Turbulence in the Evolving Stable Boundary Layer

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  • 1 Meteorological Research Unit, RAF Cardington, England
  • | 2 Cooperative Institute for Research in Environmental Sciences, University of Colorado/NOAA, Boulder 80309, and Wave Propagation Laboratory, NOAA/ERL, Boulder, CO 80302
  • | 3 Wave Propagation Laboratory, NOAA/ERL, Boulder, CO 80302
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Abstract

The turbulence structure observed in seven early evening runs of the 1973 Minnesota experiments is presented and discussed. Wind and temperature sensors mounted on a 32 m tower and on the tethering cable of a large balloon spanned the entire depth of the rapidly evolving nocturnal boundary layer. Spectral shapes and the vertical profiles of turbulence variances and covariances, dissipation rates for turbulent kinetic energy and temperature variance, and energy-containing range length scales show remarkable order when plotted in dimensionless coordinates, even though properties varied widely among the runs. Observed dissipation rates and boundary layer depth agree well with predictions of the Brost-Wyngaard (1978) model. It is shown that the slight (0.0014) terrain slope and possibly baroclinity affected the boundary-layer evolution, and that although the turbulence structure was probably in equilibrium with the wind and temperature fields, these were strongly evolving during the runs.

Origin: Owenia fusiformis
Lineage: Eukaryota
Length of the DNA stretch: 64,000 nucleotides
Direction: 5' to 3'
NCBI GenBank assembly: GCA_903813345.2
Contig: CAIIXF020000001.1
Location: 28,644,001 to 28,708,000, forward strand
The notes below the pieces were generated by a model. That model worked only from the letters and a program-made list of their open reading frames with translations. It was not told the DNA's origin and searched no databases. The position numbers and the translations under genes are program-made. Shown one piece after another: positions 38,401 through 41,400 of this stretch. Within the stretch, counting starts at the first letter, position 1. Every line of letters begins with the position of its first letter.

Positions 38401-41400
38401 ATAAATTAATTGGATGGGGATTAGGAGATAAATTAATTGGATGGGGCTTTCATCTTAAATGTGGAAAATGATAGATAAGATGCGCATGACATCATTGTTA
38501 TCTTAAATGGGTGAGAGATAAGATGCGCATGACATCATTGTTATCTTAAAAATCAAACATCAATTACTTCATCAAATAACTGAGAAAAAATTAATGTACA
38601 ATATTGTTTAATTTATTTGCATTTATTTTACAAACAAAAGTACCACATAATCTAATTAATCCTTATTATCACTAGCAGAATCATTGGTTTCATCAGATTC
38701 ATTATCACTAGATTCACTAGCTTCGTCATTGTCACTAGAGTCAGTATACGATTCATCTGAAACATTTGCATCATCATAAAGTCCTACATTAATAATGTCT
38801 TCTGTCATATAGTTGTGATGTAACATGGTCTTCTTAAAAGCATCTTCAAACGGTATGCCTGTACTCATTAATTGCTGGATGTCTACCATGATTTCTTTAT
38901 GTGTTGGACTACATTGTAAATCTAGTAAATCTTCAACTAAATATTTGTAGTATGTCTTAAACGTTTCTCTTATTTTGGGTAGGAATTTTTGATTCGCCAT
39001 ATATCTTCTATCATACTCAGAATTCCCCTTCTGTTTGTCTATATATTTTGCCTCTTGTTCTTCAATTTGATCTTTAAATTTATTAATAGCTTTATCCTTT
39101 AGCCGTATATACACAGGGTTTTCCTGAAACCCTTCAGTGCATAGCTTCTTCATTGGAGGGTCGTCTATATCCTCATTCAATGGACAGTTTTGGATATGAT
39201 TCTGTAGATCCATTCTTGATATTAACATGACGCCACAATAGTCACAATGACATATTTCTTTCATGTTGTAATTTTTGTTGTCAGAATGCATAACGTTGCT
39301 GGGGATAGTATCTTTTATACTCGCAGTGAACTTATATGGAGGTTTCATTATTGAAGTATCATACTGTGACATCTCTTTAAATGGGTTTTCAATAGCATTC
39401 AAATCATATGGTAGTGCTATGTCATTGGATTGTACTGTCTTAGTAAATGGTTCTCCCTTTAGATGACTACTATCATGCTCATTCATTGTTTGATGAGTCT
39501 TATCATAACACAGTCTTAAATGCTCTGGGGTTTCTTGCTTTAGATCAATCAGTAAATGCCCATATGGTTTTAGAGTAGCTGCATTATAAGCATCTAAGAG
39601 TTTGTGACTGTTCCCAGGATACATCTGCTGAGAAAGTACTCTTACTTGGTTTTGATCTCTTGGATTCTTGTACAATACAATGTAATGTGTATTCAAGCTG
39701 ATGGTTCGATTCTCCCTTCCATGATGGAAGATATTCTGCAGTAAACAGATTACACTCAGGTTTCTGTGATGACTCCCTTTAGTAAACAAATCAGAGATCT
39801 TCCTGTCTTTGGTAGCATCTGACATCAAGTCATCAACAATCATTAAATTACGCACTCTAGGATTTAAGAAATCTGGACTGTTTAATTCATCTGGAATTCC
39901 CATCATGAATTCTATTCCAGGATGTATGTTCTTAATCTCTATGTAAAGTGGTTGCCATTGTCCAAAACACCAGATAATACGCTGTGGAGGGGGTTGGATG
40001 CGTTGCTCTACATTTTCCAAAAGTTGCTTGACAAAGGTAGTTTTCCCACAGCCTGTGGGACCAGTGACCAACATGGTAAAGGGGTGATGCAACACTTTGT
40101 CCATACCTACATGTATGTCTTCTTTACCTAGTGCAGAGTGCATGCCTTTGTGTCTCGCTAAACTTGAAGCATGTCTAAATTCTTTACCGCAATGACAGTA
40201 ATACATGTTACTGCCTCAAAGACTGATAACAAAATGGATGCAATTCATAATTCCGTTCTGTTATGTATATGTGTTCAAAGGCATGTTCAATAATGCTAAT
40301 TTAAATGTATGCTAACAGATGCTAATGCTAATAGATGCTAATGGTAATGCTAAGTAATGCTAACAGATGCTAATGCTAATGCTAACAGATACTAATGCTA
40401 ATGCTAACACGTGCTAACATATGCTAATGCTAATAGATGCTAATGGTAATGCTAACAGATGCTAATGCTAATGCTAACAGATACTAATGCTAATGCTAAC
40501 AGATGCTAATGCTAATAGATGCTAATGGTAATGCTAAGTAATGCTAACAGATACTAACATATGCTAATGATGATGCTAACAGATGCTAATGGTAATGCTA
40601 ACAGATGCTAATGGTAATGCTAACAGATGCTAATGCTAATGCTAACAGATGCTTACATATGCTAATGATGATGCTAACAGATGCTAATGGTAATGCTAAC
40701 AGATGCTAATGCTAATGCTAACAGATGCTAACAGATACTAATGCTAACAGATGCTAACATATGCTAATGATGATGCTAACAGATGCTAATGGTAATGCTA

Abstract

The turbulence structure observed in seven early evening runs of the 1973 Minnesota experiments is presented and discussed. Wind and temperature sensors mounted on a 32 m tower and on the tethering cable of a large balloon spanned the entire depth of the rapidly evolving nocturnal boundary layer. Spectral shapes and the vertical profiles of turbulence variances and covariances, dissipation rates for turbulent kinetic energy and temperature variance, and energy-containing range length scales show remarkable order when plotted in dimensionless coordinates, even though properties varied widely among the runs. Observed dissipation rates and boundary layer depth agree well with predictions of the Brost-Wyngaard (1978) model. It is shown that the slight (0.0014) terrain slope and possibly baroclinity affected the boundary-layer evolution, and that although the turbulence structure was probably in equilibrium with the wind and temperature fields, these were strongly evolving during the runs.

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